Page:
The results of “Work of Art” 2021

Two years ago, right around this time, I traveled to Old Forge, New York, and photographed a 1974 Volkswagen Super Beetle that was repainted with Grateful Dead logos and had traveled to dozens of Grateful Dead concerts. I used various filters to capture the car’s image, and combined some of those photos into a lenticular, magic-motion color-changing print that I labeled “The Long, Strange Trip.”

The Long, Strange Trip. Nikon Df camera, Vivitar 19mm f/3.8 lens, several different photos with filters, combined in PhotoShop. (c) Chuck Miller, all rights reserved.

Last night, “The Long, Strange Trip” was one of many entrants into the 2021 Albany Institute of History and Art’s “Work of Art” show, as presented in honor of retiring Albany Institute director and all-around good person Tammis Groft. There were some incredible paintings and sculptures and photographs and assorted artworks on display, and yes, the little Volkswagen was there as well.

This is good. My fourth-ever entry into this prestigious art show. Now, let’s hope it finds a new home.

“Didn’t you have a piece in this show last year?” two people asked me.

I nodded in affirmative.

“We bought that piece,” one of them said. “It’s in our home right now.” The other person pulled out her cell phone and showed me the picture. Yep, it was my old Infrared Horizon 787 shot from 2018’s “Work of Art” show – blog post commemorates that right here.

I showed them my current artwork. Next thing I know … a pen comes out, and a bid is placed. Right off the bat, this creation will find a new home. And this feels good.

Because, to be totally honest with you, my wonderful blog readers, to see these artworks go from initial concept to creation to exhibition to a new home, whether it’s with a charitable organization or if someone just straight-up purchases them from me, or if I use them as prizes to help other charities in need – the whole process is a fun ride for me. It’s like watching the birds fly out of the nest and hoping they don’t crash into the ground below.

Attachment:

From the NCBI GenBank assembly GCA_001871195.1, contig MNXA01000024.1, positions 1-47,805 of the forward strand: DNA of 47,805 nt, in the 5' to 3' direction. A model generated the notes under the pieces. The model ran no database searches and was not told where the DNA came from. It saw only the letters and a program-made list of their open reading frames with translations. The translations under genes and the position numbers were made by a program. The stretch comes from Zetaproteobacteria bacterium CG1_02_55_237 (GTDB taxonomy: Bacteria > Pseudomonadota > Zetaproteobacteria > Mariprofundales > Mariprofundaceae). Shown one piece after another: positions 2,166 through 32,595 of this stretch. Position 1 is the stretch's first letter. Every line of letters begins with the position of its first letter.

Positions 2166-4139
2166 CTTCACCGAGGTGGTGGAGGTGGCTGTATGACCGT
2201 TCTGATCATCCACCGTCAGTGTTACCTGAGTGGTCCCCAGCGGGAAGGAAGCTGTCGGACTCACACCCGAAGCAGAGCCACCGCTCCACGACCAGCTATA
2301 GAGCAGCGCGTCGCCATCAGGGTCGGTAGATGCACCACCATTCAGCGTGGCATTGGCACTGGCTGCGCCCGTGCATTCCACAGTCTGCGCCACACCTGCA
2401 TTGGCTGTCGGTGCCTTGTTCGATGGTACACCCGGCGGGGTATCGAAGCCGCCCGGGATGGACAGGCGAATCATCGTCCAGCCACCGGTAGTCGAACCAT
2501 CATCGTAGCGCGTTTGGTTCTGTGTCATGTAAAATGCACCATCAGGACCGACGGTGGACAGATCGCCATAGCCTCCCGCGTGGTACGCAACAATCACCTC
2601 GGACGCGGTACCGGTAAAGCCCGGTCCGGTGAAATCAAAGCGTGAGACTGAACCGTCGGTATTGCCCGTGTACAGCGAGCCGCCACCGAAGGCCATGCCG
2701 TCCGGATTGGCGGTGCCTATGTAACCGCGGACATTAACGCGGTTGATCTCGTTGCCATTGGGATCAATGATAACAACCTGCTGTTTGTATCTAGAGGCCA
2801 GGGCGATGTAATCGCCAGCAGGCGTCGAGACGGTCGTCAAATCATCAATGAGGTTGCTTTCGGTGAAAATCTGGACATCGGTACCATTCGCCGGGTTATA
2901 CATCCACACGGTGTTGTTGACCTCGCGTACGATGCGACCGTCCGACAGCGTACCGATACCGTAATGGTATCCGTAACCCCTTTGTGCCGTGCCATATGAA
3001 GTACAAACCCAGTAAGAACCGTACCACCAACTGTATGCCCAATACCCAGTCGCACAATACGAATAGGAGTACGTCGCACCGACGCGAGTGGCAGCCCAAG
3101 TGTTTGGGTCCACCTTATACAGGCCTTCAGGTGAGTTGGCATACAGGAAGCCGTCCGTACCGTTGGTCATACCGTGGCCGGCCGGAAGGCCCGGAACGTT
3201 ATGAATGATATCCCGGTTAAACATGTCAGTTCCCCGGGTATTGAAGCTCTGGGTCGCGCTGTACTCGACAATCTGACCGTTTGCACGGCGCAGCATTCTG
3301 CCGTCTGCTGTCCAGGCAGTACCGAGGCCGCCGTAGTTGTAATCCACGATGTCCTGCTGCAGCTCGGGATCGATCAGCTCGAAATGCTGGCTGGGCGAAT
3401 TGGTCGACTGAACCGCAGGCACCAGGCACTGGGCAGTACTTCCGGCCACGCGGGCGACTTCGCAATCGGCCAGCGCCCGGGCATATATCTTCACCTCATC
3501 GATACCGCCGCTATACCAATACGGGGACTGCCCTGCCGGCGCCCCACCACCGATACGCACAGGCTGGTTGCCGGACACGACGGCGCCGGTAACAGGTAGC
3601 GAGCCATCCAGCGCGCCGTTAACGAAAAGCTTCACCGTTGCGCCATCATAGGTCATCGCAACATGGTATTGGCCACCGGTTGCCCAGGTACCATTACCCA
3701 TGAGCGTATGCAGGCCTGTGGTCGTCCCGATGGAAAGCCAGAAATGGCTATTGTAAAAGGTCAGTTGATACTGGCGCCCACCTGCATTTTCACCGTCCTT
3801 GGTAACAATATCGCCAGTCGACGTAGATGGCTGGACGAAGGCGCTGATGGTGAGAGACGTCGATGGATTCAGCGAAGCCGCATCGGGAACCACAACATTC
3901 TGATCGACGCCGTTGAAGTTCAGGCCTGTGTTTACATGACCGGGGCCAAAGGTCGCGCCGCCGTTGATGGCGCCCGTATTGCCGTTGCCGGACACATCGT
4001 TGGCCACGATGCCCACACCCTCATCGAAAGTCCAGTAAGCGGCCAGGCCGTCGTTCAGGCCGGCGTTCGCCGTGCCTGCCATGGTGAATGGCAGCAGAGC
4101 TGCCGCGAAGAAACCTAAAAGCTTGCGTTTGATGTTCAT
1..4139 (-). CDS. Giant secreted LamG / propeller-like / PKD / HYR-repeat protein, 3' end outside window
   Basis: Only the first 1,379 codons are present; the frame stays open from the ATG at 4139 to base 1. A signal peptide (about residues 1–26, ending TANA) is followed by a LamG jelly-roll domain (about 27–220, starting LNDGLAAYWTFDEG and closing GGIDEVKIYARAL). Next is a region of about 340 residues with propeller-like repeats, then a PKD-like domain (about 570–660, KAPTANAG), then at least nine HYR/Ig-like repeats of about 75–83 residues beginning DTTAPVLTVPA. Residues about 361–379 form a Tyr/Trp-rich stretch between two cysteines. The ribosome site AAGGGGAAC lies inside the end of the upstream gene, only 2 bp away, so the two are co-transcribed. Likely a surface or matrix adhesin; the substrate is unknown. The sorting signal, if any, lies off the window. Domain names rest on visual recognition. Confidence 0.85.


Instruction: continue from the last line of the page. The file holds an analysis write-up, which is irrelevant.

And then I saw something else happen.

That’s someone else bidding on the piece. Holy Sugar Magnolia, Batman, I’ve got a bidding war on the artwork!

Okay, Miller. Step back. Don’t be a helicopter parent. This is exciting. Someone’s going to take this artwork home. Someone’s going to enjoy it.

And then, ten minutes later …

Another person?

Another person bidding?

Wait, is this actually happening? Not only is there a bidding war for the item … but the bids are now surpassing the quoted “retail price,” where someone could have simply bought the item right off the wall.

Holy Fire on the Mountain, Batman…

And in the end, when the final hammer came down and bidding ended, The Long, Strange Trip sold for over $300 – the highest total I’ve ever achieved in a Work of Art exhibition. Holy insert Grateful Dead song in here, Batman.

As the bidsheets were brought to the final tally table, I decided that one final moment with my artwork was needed. At least needed in terms of a little goodbye video for it.

Allow me this. You’d do the same when your kid does well.

Next up – Historic Albany Foundation’s BUILT charitable auction, which starts today and runs through Sunday. And there’s three of my children – er, artworks – up for grabs there.

Yeah ,this definitely feels good. And I’m definitely feeling good with that.